The week in business


Rosengren says economy will struggle until virus crisis is resolved

New England states are starting to allow shuttered businesses to reopen after two months of closures. But this is not the time to celebrate: Until the COVID-19 public health crisis is resolved, the economy will probably remain in bad shape. That’s the word from the Federal Reserve Bank of Boston’s chief executive, Eric Rosengren, who spoke Tuesday — in an online presentation — to members of the New England Council, a regional business networking and lobbying group. Rosengren said the Boston Fed’s internal forecast now shows that the national unemployment rate is likely to remain at double-digit levels through the end of the year, after peaking at around 20 percent. (The rate was nearly 15 percent in April, up from 3.5 percent in February.) “That’s very sobering,” Rosengren said. “But it’s also a call to action.” As states allow various sectors to reopen, he said, it’s vital that the timing and design of the relaxing of restrictions don’t result in worse health outcomes. Even when businesses are free to reopen, many of them won’t see much demand until customers feel safe leaving their homes, he said. And without “public health solutions” to the pandemic, Rosengren said, it will be virtually impossible to return to full employment. “At the root of this economic problem is a public health issue that has to be resolved,” Rosengren said. He noted that the industries in which social distancing is most challenging — such as hospitality and entertainment — have suffered the steepest employment declines. They also could face the steepest uphill climbs back to normalcy. Rosengren said that Boston, New York, and several other major metro areas will be harder hit than rural places, where COVID-19 rates are much lower. Cities such as Boston that rely on subways and elevators to move people to and from their offices are inevitably more susceptible to the spread of the coronavirus than places where people commute by car, he said. Boston, he said, also will be hurt by its dependence on the tourism and higher education sectors, which, by their nature, bring people together from far-flung places. — JON CHESTO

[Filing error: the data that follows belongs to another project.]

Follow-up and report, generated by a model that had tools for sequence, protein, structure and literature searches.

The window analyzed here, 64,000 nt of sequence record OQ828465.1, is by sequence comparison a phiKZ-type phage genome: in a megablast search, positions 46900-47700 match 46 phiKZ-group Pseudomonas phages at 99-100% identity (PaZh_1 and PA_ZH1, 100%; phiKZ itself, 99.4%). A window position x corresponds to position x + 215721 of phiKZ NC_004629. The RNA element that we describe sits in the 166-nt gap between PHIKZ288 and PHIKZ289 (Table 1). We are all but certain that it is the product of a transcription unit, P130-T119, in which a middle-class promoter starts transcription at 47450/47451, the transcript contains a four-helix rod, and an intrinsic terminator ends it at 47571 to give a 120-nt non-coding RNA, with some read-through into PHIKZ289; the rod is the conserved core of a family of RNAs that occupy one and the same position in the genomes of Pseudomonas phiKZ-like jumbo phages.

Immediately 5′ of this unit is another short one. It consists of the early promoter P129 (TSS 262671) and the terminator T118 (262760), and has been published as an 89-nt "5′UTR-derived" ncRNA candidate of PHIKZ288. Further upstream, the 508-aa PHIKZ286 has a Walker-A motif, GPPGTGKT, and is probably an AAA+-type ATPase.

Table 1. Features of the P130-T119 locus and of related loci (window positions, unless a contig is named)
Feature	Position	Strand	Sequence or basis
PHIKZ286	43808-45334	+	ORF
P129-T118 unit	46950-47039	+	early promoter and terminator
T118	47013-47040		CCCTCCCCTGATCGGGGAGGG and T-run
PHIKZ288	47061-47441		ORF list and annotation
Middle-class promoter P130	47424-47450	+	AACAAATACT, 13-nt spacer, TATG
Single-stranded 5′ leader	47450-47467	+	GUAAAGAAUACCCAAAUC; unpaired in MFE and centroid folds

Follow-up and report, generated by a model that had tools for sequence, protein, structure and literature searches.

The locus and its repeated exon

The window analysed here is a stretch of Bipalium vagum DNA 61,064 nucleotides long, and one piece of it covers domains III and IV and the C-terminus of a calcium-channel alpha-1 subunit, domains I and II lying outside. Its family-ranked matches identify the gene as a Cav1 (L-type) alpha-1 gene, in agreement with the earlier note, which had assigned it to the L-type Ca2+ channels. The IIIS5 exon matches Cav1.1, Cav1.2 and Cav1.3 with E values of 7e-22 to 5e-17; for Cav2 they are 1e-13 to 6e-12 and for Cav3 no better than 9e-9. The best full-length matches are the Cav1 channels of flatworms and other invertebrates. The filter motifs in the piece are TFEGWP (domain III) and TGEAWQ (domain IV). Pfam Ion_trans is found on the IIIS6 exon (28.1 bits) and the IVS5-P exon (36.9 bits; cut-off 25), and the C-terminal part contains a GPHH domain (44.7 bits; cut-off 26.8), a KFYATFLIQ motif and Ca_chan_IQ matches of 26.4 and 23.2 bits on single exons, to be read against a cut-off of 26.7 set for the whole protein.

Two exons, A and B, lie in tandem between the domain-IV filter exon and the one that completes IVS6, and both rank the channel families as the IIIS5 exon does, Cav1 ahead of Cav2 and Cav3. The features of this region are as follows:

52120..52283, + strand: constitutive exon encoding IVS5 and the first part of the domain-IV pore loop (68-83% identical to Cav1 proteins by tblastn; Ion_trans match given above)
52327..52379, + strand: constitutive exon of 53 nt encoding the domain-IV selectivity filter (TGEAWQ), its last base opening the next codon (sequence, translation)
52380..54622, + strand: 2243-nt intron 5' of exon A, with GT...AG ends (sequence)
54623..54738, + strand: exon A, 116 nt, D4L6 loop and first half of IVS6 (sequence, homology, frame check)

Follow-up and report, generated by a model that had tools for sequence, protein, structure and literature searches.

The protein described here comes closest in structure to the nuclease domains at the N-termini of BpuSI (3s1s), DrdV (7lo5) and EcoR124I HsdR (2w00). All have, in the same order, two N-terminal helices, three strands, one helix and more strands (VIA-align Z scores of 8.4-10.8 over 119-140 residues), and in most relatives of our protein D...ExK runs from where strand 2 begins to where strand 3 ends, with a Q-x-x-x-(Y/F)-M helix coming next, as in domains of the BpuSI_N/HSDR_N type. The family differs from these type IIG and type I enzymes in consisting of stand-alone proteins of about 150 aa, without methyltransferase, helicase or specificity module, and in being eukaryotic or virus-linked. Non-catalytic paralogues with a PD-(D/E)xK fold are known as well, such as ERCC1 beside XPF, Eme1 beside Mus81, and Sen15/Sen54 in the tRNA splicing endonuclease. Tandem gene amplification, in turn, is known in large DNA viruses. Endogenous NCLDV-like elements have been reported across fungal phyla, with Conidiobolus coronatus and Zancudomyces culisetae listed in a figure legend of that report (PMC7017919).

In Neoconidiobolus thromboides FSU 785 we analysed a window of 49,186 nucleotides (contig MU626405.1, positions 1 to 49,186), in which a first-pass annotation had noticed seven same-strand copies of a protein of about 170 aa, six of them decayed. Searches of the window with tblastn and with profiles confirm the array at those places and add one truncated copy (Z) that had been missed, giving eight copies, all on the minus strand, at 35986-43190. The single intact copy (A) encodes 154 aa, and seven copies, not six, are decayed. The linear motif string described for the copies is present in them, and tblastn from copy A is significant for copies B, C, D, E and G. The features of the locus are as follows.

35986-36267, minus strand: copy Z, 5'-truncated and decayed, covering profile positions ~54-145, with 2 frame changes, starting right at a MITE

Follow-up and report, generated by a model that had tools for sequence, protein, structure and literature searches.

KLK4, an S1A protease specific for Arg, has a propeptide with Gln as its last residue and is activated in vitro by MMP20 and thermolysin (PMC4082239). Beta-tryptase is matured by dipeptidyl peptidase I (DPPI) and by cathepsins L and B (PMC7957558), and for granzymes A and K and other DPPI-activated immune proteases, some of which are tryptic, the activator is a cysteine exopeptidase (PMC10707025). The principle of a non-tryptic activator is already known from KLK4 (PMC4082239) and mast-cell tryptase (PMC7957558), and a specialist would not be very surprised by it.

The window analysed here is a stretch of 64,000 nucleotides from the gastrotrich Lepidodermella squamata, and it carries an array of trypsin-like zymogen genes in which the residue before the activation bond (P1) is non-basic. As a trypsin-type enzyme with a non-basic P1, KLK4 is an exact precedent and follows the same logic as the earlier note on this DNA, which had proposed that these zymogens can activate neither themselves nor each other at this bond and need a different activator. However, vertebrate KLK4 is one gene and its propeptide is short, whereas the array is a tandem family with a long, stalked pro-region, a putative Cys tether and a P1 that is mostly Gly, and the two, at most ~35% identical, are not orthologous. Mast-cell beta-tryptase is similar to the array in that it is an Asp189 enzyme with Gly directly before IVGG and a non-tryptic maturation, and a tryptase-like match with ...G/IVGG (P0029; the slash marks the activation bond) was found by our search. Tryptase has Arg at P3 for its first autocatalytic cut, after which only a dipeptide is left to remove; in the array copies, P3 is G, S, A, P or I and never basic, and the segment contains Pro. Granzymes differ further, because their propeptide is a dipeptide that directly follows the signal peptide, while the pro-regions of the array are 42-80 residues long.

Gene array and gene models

Front-line workers unhappy with safety procedures file hundreds of complaints

As they risk their own well-being to care for infected patients or rush to keep store shelves stocked, workers across Massachusetts have filed hundreds of complaints with the federal government in recent weeks, alleging their employers failed to keep them protected from the coronavirus. Yet worker advocates, as well as former leaders of the US Occupational Safety and Health Administration, say the federal agency is falling short of its duty to hold employers accountable. Most of the OSHA complaints have come from those considered essential workers, such as medical staff, delivery personnel, and supermarket employees, records show. Some workers said they were forced to work alongside sick colleagues. Others said they were ordered to keep working with symptoms or confirmed infections. The accusations include complaints about a lack of masks, gloves, and other protective equipment and assertions that companies failed to adequately clean work spaces or communicate risks to employees. Massachusetts logged among the most complaints in the country, trailing only Oregon and California, records show. The files provide an intimate look into the extraordinary circumstances that workers say they were forced to work through during the early weeks of the pandemic. As of Wednesday, more than 13,600 OSHA complaints and referrals related to COVID-19 had been filed nationwide. About half of those cases had been closed and none had resulted in citations or penalties, OSHA officials said. — MATT ROCHELEAU